Solar Choice has written previously about the possible impacts of a carbon price on the uptake of renewable energy, including solar power, and the points made previously remain relevant. The ultimate goal of a carbon tax is to reduce carbon emissions, either by forcing the adoption of energy efficiency measures, or making the adoption of renewable energy systems financially sensible. This is indeed a trend that is underway in many areas across Australia–most notably in remote areas where the cost of grid-connect electricity is especially expensive.

The costs added to coal-fired electricity generation, which will be subject to the tax, will likely be passed on to those who use electricity–both residences and businesses. Even without the carbon tax, electricity prices have been rising, and are expected to continue to rise, while the cost of installing solar systems currently stands at an all-time low. The carbon price will ad further incentive for almost anyone who uses electricity to consider having solar power installed at home. John Grimes, CEO of the Australian Solar Energy Society, commented in a statement, “We are finally penalising pollution and rewarding clean energy. This will deliver substantial investment in solar power and position Australia as a solar nation.”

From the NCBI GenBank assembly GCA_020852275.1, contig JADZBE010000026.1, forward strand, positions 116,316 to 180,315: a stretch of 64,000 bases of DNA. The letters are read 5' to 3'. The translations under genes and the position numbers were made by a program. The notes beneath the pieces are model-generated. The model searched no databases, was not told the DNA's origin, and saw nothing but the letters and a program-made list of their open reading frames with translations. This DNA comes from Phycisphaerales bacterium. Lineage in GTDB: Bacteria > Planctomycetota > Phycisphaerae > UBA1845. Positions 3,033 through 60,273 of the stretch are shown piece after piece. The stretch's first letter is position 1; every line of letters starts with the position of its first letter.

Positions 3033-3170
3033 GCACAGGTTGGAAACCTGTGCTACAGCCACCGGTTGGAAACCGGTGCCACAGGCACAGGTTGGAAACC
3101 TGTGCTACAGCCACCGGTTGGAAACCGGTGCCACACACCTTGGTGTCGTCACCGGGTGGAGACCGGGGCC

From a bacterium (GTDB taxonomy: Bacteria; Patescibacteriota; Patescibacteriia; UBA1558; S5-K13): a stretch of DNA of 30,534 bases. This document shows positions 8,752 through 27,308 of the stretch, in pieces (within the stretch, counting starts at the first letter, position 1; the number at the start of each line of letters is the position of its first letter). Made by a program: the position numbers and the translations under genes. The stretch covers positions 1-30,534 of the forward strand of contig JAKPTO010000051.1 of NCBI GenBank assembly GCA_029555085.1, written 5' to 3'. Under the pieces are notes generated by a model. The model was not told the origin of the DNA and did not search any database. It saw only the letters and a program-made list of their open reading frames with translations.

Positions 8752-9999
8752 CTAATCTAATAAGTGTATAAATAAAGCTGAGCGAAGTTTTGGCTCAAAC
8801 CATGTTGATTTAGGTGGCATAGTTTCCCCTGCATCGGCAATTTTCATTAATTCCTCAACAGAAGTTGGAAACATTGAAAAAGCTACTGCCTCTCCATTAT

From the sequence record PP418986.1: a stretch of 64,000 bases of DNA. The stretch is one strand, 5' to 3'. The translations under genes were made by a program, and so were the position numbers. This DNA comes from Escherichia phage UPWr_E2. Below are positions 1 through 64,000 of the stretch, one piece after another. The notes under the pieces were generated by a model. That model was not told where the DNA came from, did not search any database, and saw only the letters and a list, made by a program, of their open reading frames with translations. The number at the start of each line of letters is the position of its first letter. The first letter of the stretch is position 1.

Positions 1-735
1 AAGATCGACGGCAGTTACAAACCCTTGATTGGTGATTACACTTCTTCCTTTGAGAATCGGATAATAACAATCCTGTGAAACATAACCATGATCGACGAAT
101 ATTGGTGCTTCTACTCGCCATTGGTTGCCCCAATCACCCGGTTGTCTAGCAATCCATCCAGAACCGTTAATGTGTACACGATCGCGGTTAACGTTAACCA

The carbon price at a glance

-Approximately 8 million households will receive some assistance

-Average household costs will rise by $9.90 per week, to be offset by compensation of $10.10 per week.

-Price will start at $23/tonne for Australia’s 500 largest polluters for the first 3 years, after which point the price will be determined by market mechanisms

-Only about 60% of carbon pollution will be covered: the scheme will not apply to petrol, light road vehicles, or agriculture. (There will, however be incentives for farmers to generate carbon credits to sell by undertaking to store CO2 or reduce emissions on the land.)

-More than $9b set aside for big polluters to save jobs

-Small businesses will not have to pay the tax directly, and will get tax concessions

-Carbon emissions are expected to be cut by 159m tonnes per year. (In context, Australia emitted nearly 600m tonnes in 2007, according to the Australian Bureau of Statistics.)

-Seniors will get up to $338 in additional payments per year for singles, up to $510 for couples

-Tax thresholds will be changed, with part-timers and low-income individuals reaping the greatest benefits

Resources and links:

News.com.au: “Carbon Clincher: Senate passes controversial carbon price law

CleanEnergyFuture.gov.au

Sydney Morning Herald: “Carbon tax bill passes

Sydney Morning Herald: “Climate action groups welcome carbon tax

Top image via ABC

James Martin II

Contributor at Solar Choice
James was Solar Choice's primary writer & researcher between 2010 and 2018.

He is now the communications manager for energy technology startup SwitchDin, but remains an occasional contributor to the Solar Choice blog.

James lives in Newcastle in a house with a weird solar system.
James Martin II